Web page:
• A new study suggests drinking in moderation could boost male fertility.
  • Men who drank four to seven units a week had higher sperm counts and semen volume.
  • But the study comes with limitations, such as people self reporting their drinking habits.
  • More research is needed to really know what the impact is.

There's no doubt that drinking too much alcohol is pretty bad for you, but it's hard to keep up with whether or not drinking in moderation can have positive benefits.

For example, past research has appeared to show how having a few drinks a week may improve heart health. But some studies have since been revised, due to poor methodology or the fact that they were funded by the alcohol industry.

Scientists are trying to clear up the confusion, and one study earlier this year did find people who drink in moderation could actually live longer than teetotalers. And according to a new study, published in the journal Andrology, men who drink around four to seven units of alcohol a week may be more fertile than those who drink less.

The researchers recruited 323 men, about 10% of whom were teetotal, 30% drank one to three units a week, 30% drank four to seven units a week, and the remaining 30% drank more than eight units a week.

According to the results, drinking four to seven units a week was linked to higher sperm count and semen volume. In other words, the men who drank moderately were likely to be more fertile.

The study adds to a convoluted body of research. For instance, one study from 2014 found that sperm concentration and total sperm count were negatively associated with alcohol intake. Another study from 2005 suggested semen volume and sperm concentration were lower in alcoholics compared with abstainers.

"However, in other studies alcohol did not seem to play any role," Elena Ricci et al wrote in the new paper. "The inconsistency between our findings and previous studies may be due to the different way of categorization of alcohol consumption and to the different drinking habits of the populations studied."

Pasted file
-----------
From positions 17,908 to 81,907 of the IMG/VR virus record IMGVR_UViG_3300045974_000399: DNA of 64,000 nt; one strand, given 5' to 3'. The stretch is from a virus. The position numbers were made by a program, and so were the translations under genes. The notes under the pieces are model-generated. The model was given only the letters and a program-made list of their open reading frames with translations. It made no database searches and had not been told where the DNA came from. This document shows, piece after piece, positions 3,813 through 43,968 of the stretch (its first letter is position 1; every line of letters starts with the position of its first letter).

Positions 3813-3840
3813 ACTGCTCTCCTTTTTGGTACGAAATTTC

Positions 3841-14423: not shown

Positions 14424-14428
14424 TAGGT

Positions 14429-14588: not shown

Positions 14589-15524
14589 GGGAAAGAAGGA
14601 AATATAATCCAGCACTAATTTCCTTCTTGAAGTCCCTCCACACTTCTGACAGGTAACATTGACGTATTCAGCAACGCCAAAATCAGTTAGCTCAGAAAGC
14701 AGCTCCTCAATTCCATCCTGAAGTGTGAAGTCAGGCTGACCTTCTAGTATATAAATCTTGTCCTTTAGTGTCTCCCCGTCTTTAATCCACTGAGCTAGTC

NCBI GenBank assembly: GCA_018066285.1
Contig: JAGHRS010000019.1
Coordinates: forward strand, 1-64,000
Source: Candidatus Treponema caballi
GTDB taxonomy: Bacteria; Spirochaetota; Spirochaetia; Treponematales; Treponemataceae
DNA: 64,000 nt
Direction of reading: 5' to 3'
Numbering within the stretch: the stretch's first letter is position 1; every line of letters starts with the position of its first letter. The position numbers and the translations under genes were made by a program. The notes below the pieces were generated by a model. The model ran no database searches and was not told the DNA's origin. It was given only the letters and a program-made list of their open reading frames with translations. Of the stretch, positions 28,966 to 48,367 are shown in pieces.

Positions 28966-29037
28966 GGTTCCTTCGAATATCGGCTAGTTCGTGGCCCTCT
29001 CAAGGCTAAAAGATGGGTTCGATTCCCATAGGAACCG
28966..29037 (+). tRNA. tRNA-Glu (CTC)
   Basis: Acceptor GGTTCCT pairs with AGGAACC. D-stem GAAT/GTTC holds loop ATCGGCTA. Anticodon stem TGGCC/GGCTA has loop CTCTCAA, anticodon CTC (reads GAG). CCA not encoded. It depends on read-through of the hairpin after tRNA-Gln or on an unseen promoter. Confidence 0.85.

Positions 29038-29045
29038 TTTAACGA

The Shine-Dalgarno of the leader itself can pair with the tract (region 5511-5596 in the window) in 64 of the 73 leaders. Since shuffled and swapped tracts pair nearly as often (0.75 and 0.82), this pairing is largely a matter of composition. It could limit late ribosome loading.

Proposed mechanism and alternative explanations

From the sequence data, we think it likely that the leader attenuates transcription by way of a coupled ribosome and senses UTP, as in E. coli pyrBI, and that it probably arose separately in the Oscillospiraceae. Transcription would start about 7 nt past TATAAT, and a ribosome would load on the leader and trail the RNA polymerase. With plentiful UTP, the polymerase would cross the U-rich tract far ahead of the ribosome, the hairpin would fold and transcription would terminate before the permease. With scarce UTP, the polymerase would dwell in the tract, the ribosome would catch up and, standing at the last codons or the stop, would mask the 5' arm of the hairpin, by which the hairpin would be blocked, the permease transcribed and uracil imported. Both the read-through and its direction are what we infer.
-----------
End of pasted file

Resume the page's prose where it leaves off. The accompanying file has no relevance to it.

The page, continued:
There's also the problem with self reporting, which can skew results. People tend to be dishonest — intentionally or not — when they talk about things like their sex lives, drugs, and alcohol consumption.

Ricci said in a statement that in Italy alcohol consumption is common, but usually limited to small quantities, and "since the dose makes the poison, they are counselled to limit but not avoid alcohol."

Drinking excessively is notoriously bad for health, and has been shown to lower testosterone and sperm levels. But when it comes to drinking in moderation, more research is needed to conclude what the real benefits and costs are.

In terms of fertility, recent research has shown how diet can have an impact. Earlier this year, a study found that eating two handfuls of nuts a day could improve men's sperm counts. Certain vitamins, such as zinc, have also been associated with women going into the menopause later.

SEE ALSO: Eating nuts could boost fertility in men, according to a new study

Join the conversation about this story »

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I've traveled to 25 countries, and here's my checklist for exactly what to do weeks, days, and hours before an international trip


tourist traveler sightseeing italy

  • Summer travel may be relaxing, but the two weeks before an international trip can often be a stressful ordeal.
  • We've laid out the most important things to do in the weeks, days, and hours before your big trip.
  • They include confirming your reservations, buying an international adapter, and setting up an out-of-office email.

You've booked your flight, acquired your visa, and made your reservations.

Congrats! Your international vacation is right around the corner.